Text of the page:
Wed, October 31 2007

Occam’s Razor Cuts Deep

Katya Andresen's avatar

Author, Robin Hood Marketing

Filed under:   Marketing essentials •

I gave the title of this post a goulish spin for Halloween, but Occam’s Razor is anything but scary—it’s actually our way out of hell.  The hell of being misunderstood, of boring our audience, of failing to move people to action.

In case you can’t remember what Occam’s Razor means, don’t worry, I had to look it up because I suddenly had amnesia about the term today.  Wikipedia explains here:

“All things being equal, the simplest solution tends to be the right one.” Originally a tenet of the reductionist philosophy of nominalism, it is more often taken today as a heuristic maxim (rule of thumb) that advises economy, parsimony, or simplicity, often or especially in scientific theories.

In other words, what is simple is best - and not just for explaining science.  Simplicity is key to inspiring understanding and to being understood.  Simplicity is essential to good writing, design, and, of course, marketing.

Yesterday, I was “tagged” by a meme on the blog Occam’s RazR. In plain English, that means Occam’s RazR blogger Ike talked about something and then asked me to talk about that same topic.  The something was “media snackers”—Internet users who:

are not in it for the “long haul”
want quick, easily digestible bits
want to consume info where they want, when they want, and how they want

Ike caters to snackers very well.  That’s not surprising given the name of his blog.  His question was, how do I cater to media snackers? 

This is what I think: if I do my job right, every single thing I do is catered to snackers.

Everyone is a snacker in this day and age, and not just online.  Who on earth has time for the equivalent of multi-course meals of information throughout the day?  No one has time to read a tome on our topic, to sift through an overwrought appeal or to idly sit around and listen to us getting to the point.  They may sit down for a four-course “meal” on occasion, but they are going to dine on something very important to them personally.  And that something is not likely to be what we’re dishing out.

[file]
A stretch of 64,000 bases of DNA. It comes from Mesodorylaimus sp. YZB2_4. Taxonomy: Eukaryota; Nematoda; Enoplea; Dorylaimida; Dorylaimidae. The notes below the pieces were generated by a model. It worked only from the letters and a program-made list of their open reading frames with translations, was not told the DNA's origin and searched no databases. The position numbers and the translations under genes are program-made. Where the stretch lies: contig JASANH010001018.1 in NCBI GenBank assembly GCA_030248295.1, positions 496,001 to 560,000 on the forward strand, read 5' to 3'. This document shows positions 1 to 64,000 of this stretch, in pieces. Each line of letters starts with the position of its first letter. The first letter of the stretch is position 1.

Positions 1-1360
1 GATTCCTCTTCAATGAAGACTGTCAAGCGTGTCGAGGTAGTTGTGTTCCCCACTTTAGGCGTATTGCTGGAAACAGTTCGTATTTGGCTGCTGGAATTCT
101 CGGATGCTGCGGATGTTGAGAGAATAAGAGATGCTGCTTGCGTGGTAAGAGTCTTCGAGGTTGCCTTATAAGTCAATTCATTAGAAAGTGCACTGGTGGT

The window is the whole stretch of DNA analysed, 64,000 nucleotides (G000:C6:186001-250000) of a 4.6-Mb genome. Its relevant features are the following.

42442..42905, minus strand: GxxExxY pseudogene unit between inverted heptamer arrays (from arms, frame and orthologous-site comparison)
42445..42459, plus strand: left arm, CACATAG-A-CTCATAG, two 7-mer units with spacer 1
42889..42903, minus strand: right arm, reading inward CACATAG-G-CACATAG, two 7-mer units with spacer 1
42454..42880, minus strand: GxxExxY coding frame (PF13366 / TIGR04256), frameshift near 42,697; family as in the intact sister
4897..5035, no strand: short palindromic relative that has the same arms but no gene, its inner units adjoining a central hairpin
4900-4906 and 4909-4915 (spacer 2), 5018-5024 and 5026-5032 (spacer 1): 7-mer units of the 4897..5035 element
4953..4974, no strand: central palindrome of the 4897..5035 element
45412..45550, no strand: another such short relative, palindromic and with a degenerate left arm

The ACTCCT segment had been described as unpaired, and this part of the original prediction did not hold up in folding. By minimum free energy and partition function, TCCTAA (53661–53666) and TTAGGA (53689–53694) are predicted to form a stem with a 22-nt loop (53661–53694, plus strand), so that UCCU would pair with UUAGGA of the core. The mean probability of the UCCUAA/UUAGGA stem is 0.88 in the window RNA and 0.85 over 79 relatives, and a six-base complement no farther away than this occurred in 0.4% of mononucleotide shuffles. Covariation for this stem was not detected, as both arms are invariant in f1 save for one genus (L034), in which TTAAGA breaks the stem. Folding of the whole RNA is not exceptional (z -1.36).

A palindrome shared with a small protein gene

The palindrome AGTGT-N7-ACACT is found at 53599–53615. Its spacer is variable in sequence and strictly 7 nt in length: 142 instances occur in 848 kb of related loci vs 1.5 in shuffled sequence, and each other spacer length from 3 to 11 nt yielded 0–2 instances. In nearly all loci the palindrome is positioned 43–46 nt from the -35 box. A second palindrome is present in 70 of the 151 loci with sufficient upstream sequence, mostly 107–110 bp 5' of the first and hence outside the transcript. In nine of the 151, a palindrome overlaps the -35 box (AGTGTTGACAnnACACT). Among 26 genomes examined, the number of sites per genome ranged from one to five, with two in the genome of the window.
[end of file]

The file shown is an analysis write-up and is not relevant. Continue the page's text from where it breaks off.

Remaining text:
A few weeks ago, I was going to do a post that started, “My life kicks my ***.”  I never got time to do it, but the point was, I am absolutely overwhelmed by all the things I need to do each day.  And what I wanted to say was, I’m NOT special. I’m like 99% of the world out there, just trying to get most of what needs to be done, done, each day—and nearly never succeeding.  So I try to do the important stuff and let the rest go. 

If you want to communicate to someone, whether it’s website visitors, donors or your Aunt Betty, you must remember that’s how they feel.  Their time on this earth is beyond valuable, and if they give us any time at all, it is our duty to use it efficiently by communicating in a way that is poetic and beautiful in its economy.

Occam’s Razor cuts deep, but not in a surgical or scientific sense.  It slices straight to the heart of our work as marketers.  Stick to simple language, clear ideas and concise thinking.  It’s your best hope of getting a nibble.

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